15-Dec-84 23:20:47-EST,3587;000000000001 Date: Saturday, 24 November 1984 16:46-EST Sender: John R. Kender KENDER@COLUMBIA-20.ARPA From: John R. Kender KENDER@COLUMBIA-20.ARPA Orig-To: BBOARD at COLUMBIA-20.ARPA Subject: The imperceptibility of Santa Claus ReSent-From: CARTER@RU-BLUE.ARPA ReSent-To: Info-Cobol@MC ReSent-Date: Sat 15 Dec 1984 23:12-EST
"OK, Daddy, why has nobody SEEN Santa Claus on Christmas Eve?" Tough question. But, a few back-of-the-envelop calculations were enough to convince my doubting offspring that it was physically IMPOSSIBLE. To wit:
Suppose that Santa starts at the International Date Line and travels westward, in order to maximize his time for delivering presents on or about midnight. Let's guess that there are 4 billion people, and so about 1 billion households worldwide. Just as we assume Santa has solved the travelling salesman problem (1 billion nodes!), so too we will assume that he can handle the unequal distribution of households over the land masses, too (Fiji Islanders, etc., probably don't have reason to doubt his presence). Roughly 1 billion / 24 hours gives 40 million households / hour; and as there are 3600 seconds / hour, that gives us about 10000 households / second. Thus, Santa drops down the chimney and is gone, on average in .0001 second: FAR LESS time than the human eye (even dark-adapted!) needs to see–.01 second being about the lower limit established by tachistoscope studies.
"OK, Daddy, then why has nobody HEARD Santa Claus on Christmas Eve?" Tougher question, and one that demands serious analysis. If Santa moves that quickly, of course, he is going to push a lot of air out of his way, and silent night would be more accurately be called the Night of the Sonic Booms. The envelop (last year's, once containing a Christmas card as yet unanswered) quickly fills up:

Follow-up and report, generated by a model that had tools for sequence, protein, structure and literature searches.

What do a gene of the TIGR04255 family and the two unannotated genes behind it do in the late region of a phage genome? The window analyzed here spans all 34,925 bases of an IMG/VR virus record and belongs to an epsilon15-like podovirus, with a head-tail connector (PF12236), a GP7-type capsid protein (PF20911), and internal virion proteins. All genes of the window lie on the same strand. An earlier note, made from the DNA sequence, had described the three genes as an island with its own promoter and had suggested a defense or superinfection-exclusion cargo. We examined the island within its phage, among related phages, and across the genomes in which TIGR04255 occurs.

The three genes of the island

Let's see: 1 billion households distributed on average equally over 4 pi radius squared. That's about 12 times 4000 * 4000, but three-quarters of that is water (poor Fiji!): so about 3 times 16 million, or about 50 million square miles. So, 1 billion / 50 million is 20 households / square mile, and if they were distributed in gridlike regularity, Santa has to travel (at LEAST, depending on the sophisication of his TSP solution) about 1/5 mile: 1000 feet in .0001 second. Sound itself would take about 1.3 second; clearly, even if Santa were made of Kevlar and could withstand the accelerations necessary (poor toys!), Santa is not only booming about the Baby Boomers' babies, he is beginning to suffer from Fitzgerald contraction. (Let's see, here on the envelop flap: 1/5 mile in 1/10000 of a second is 2000 miles / second, or about .01c, if c is rounded to 200000 miles / second.) Thus giving new meaning to "relative clause", he is approaching the danger of being misperceived as anorexic.
Perhaps, then, the answer is as follows: you can't see Santa because he moves too fast; and, because he would look skinnier than you think, you wouldn't recognize him anyway. Further, any atmosphere overpressure generated by his rapid descent is canceled by the underpressure of his nearly instantaneous return: in contrast to most phenomena, the sonic boom cannot form!
What remains to be explained, of course, in addition to the usual arrival of undamaged gifts (even on Fiji), is why the evening of his rapid transit is not marked by the spectacle of a multitide of gifts being sucked, nearly simultaneously, up through millions of chimneys throughout world, to trail happily in his wake.